Friday, 27 February 2009

Good News for Kentish Food

Seems like i'm living in a good area for food!

Wednesday, 25 February 2009

Beer Tasting

I am a keen real ale drinker not to worry though, although I have a beard I don't have beige cords, or an wool Arran jumper. I think it important that more young people start drinking real ale rather than the chemically, cold, mass produced fizzy shite on offer most places. Don't get me wrong, there is nothing more satifying than cracking open an ice cold lager beaded with condensation on a hot summer day, I just prefer ale.

Reading Mark Dredge's Pencil&Spoon beer blog has kicked my arse into action to do some beer tasting. I haven't done a tasting for you yet so I went out to the supermarket and got a nice selection of beers, along with a couple I had in my cupboard already. I tried to buy mainstream beers easily available to all with a slight bias to those brewed in the South East. Each beer is reated out of 5 stars

Hopefully it will give you an introduction to some beers you might like to try.

Sharps Doom Bar

Brewed in Cornwall, Doom bar pours with an amber colour and has an creamy coloured head that does not last long. In the glass it has a strong caramel/toffee smell with a fresh hoppy/grassy smell. It is creamy in the mouth with more toffee which is cut through by a punch of bitter hop which lingers in the mouth. At 4% it makes for a beer you could happily drink all night. ****

Hog's Back T.E.A. (Traditional English Ale)

Brewed on the South Downs in Surrey this beer has quite a dark colour for a T.E.A., it has a large creamy head that lasts. In the glass it is a little underwhelming, with hints of the hops and a slight burnt toasty smell. It is similar in the mouth, not much malt is present but there are plenty of hops present. A decent enough beer, just a little dull. ***

Shepherd Neame Spitfire

Brewed in Faversham in Kent, this beer pours a barely-sugar colour with an off-white head. In the glass it has strong vanilla and toffee malt notes and spice. it is quite big feeling in the mouth, but is slightly over carbonated in the bottle. It has fruit and a slight toasty note. A good beer better enjoyed on draught. ****

Goachers Shipwrecked

Brewed in Maidstone and only available on draught at the Shipwright's Arms at Hollow Shore (Speak nicely to Derek the landlord and he will let you take a 4 pint container home). The beer pours with a dark tan colour and has a thin white head. In the glass it is hoppy with a biscuity note. In the mouth it feels thin but smooth and refreshing, very little malt is present but there are plenty of dry hops making it my session beer of choice. *****

Innis and Gunn Oak Aged beer

Brewed in Edinborough and aged in oak barrels, this beer is a dark golden colour with a creamy white head. In the glass it has masses of different aromas: vanilla, toffee, and grassy hops. In the mouth this is even more obvious, a lovely buttery mouthfeel with huge punches of vanilla, toffee with plenty of sweetness cut through by the hops. A lovely innovative beer but at 6.6% you wouldn't want to drink much of it! ****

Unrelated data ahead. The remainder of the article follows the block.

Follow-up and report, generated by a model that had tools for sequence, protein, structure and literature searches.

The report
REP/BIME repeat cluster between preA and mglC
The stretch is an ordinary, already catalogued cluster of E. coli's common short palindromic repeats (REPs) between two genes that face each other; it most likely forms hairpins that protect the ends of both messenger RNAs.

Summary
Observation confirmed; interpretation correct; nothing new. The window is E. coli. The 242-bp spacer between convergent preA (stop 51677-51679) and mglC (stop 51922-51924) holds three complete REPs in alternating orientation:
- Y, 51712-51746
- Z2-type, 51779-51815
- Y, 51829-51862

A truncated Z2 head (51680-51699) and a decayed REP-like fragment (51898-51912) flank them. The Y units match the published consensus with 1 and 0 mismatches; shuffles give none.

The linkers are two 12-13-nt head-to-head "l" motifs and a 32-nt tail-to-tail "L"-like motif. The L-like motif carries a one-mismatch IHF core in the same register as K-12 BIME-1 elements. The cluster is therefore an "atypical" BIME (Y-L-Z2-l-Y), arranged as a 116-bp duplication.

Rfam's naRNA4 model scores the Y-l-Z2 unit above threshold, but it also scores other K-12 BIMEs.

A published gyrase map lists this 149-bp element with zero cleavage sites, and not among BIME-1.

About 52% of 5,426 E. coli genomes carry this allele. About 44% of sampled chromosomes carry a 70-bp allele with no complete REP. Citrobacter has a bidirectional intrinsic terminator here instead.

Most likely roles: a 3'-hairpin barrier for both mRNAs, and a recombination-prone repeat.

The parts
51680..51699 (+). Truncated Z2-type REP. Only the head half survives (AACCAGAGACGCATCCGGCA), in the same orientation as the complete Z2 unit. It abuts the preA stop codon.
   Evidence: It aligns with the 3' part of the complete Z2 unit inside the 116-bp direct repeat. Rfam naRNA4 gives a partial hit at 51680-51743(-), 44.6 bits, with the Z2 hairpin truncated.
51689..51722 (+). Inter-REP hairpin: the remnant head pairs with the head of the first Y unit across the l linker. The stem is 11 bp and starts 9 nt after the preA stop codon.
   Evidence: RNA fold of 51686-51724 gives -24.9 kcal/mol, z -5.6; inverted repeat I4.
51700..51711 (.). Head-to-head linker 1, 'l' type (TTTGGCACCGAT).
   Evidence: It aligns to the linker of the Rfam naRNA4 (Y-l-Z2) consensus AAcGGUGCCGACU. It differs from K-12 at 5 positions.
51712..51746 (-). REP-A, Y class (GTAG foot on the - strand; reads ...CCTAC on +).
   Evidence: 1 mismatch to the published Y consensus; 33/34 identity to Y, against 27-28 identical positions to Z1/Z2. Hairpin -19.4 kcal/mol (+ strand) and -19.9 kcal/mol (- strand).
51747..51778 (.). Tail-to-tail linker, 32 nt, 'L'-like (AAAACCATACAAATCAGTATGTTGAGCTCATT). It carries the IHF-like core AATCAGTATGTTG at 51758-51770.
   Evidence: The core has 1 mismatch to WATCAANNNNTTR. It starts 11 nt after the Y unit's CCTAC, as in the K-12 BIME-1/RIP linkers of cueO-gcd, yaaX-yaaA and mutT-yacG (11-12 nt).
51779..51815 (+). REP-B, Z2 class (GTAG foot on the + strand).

Otter Brewey Bright

Brewed in Devon, Otter Bright is a pale beer, with a golden colour and a very thin white head. In the glass there are floral notes along with with a hint of pear drops. In the mouth it is medium-bodied, very clean and smooth. It has crisp apple and sweet pear tastes and a gentle hoppiness with a slight citrussy finish. A nice light summery beer. ****

Have a go at a tasting yourself, why not get a few mates round with half a dozen beers and see what you all think. When it comes to deciding on what flavours are present I find this diagram really helpful:

Have some fun!

Monday, 2 February 2009

A recipe for you all!

Having stumbled on Pete Brown's Beer blog ( It has stirred me into publishing a recipe in which beer is the key ingredient! So here we are:

Pete's Guinness Carbonade of Beef - Serves 4


450g Braising Steak
Two large chopped onions
Two chopped cloves of garlic
250ml of Guinness
A beef stock cube
A Tablespoon of plain flour
A little olive oil


1. Chop the onions in half then chop into half ring shapes (it is important to get them all to roughly the same thickness so that they cook evenly). Add the onins to an ovenproof casserole and fry in a little olive oil until soft.

2. Remove the onions and turn up the heat. When the casserole is really hot, seal the cubed braising steak until the meat is brown all over. Don't worry if the pan catches a little on the bottom, this will all add to the flavour!

3. Return the onions to the casserole and add the garlic. Continue to fry for a couple of minutes. Be careful not to burn the garlic as it will turn bitter. Add the flour and stir thoroughly to break up any big lumps.

4. Boil a little water in the kettle and dissolve the stock cube. Add the stock and the Guinness to the casserole dish and bring to the boil.

5. When boiling put the lid on the casserole and place in a preheated oven at 170C for about 2 hours.

6. Check every half hour while cooking that there is enough liquid in the casserole. If not add a little more Guinness.

7. Serve with mashed potatoes, leeks and carrots.